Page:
HOA fees - The buy/hold investors uncontrollable nightmare. Share your thoughts please.

15 Replies

Hi all,

Well here goes again... I am human... Every so many years I start to look at Townhomes in my area and the prices are perfect and the numbers for 3Br 2Ba are on target for awesome cash flow. THEN I see the HOA fees... "GULP" WHAT! HOW MUCH? I am not sure whom is running the organizations but I can't find "managed" properties that the numbers come even close to single families I manage. Oh, and by the way my properties are better landscaped, in safer areas and I provide more regular maintenance then these Condo and Townhome associations and I control the costs for the betterment of the the property as that will make my tenants happy then maintain cash flow/appreciation. WAIT! Then there are the "special assessments" Mold issues, Roof issues, Parking lot issues, Damn Issues, oh and my favorite EMBEZZLEMENT issues (google "Toms River NJ Saratoga Development $400,000 embezzlement" where the property manager killed himself after being caught steeling) Now the owners have to pay an additional $75 a month for ? years on top of there already high fees for no services except a cracked pool & to rebuild the reserve fund account . I might flip a townhome or condo if I get a great deal (and i mean great deal) but hold them NO WAY! Your thoughts and experiences would be appreciated..

I've seen the same things you mentioned. And my concern is that I've seen quick turnaround from good to bad. Like a guy who was "bothered" by a tenant next door, so he pushed through a no-lease clause that said after any lease expired the tenant has to buy or leave and no new leases were allowed. Then there are the underfunded ones with the surprise capex to replace the 20 year old roof that assess ridiculous one time fees.

I will not buy if a HOA is involved. Period.

I would never consider a HOA property. In Chicago I have seen HOA for over $2k a month

I very much share those concerns and that is why have stayed away from anything HOA up to this point. That said, just like you, @Account Closed every so often I look at those opportunities and wonder if there is not a way to make them work. Clearly, some folks here on BP (including some who were on the podcast) have discovered the secret sauce and are successful with HOA related properties. I'm definitely interested in those people's stories and how they sorted out the seemingly impossible....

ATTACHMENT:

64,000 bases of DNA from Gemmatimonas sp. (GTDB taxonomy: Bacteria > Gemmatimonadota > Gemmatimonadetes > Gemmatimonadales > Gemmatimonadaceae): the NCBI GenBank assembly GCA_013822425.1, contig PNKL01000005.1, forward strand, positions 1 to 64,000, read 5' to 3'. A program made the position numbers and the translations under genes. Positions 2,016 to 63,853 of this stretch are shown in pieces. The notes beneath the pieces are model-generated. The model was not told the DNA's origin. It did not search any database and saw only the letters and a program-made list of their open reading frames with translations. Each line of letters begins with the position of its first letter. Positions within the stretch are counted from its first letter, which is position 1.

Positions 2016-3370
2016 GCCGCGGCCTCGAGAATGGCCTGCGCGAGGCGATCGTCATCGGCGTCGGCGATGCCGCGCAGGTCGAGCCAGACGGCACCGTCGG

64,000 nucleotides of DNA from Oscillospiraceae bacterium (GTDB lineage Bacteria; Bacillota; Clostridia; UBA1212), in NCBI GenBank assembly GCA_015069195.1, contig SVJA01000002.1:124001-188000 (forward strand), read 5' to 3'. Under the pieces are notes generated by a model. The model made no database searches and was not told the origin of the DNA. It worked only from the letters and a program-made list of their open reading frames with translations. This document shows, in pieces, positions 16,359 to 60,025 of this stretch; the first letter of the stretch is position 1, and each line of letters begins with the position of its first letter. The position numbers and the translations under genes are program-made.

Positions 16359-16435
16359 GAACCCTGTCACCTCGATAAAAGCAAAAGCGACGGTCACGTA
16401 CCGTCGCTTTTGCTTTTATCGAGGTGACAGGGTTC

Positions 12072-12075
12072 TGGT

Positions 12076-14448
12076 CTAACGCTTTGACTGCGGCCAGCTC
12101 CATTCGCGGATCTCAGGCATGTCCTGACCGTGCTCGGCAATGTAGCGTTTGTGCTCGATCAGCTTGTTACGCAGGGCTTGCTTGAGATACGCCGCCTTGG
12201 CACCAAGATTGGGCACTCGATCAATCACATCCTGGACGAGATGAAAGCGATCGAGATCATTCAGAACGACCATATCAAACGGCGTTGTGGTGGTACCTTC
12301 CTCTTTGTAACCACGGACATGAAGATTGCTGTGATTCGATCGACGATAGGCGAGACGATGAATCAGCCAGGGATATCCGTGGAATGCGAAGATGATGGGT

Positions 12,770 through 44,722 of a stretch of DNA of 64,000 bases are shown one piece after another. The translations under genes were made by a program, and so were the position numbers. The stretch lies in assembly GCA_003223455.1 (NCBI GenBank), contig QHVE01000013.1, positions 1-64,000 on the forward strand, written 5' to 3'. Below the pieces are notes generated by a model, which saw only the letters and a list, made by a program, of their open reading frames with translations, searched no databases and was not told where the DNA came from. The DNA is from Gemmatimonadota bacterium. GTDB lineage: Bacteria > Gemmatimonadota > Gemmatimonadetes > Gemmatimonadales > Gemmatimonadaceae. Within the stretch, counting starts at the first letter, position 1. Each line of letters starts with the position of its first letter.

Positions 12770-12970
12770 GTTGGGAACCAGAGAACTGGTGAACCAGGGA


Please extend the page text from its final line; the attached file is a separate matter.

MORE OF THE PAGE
Love to share my story here. I moved into a condo 13 years ago. Lived there for 5 years during which time I got my contractors license and started my own construction business. I watched the "unhandy men" do all sorts of projects on this place, always for twice what I would have charged and with extremely poor workmanship.

Fast forward, year 5. After 10 years or so of neglecting to aim the sprinkler system which was soaking first floor windows daily, someone discovered..gasp..rotted windows! Who knew right. Turns out about 1 in 5 windows were showing signs of rot due to the negligence of the association and the grounds keepers. Solution: To maintain continuity throughout the 10 building complex everyone was going to get new windows, at the owners expense.

They held a meeting with the association members to discuss these new windows. The association was made up of accountants, retired grand mothers, computer programmers, basically no one that knew anything about real estate or construction. When we arrived at the meeting to discuss this window issue, we were informed that a sales person had already convinced the association members to use there windows and the contract had been signed. We were now responsible for $2000/window for each and every window in our units whether there was any damage or not. $2000/window! For vinyl inserts!! I could have purchased vastly superior, German engineered windows and installed them at a huge profit for less than half that.

4 months later we sold the condo for twice what we paid for it and bought a house. Oh, and by the way, they had recently passed a "no rental" rule as well since someone didn't like the smell of someone else's cooking and that person happened to be a renter. What a bunch of fools.

Here's the bonus though, within months of selling our condo, for $160k, the bottom fell out of the market and similar units wouldn't move for 80k, even with the nice vinyl clad, $2000 window inserts. Nobody could rent there condos either due to the wise rule this association had put in place. Now there are foreclosures throughout the complex and empty units. That's bound to increase their value don't you think?

I might someday consider building a condo building. Might even consider managing one since I know what the margins have to be but own or live in one, not a chance.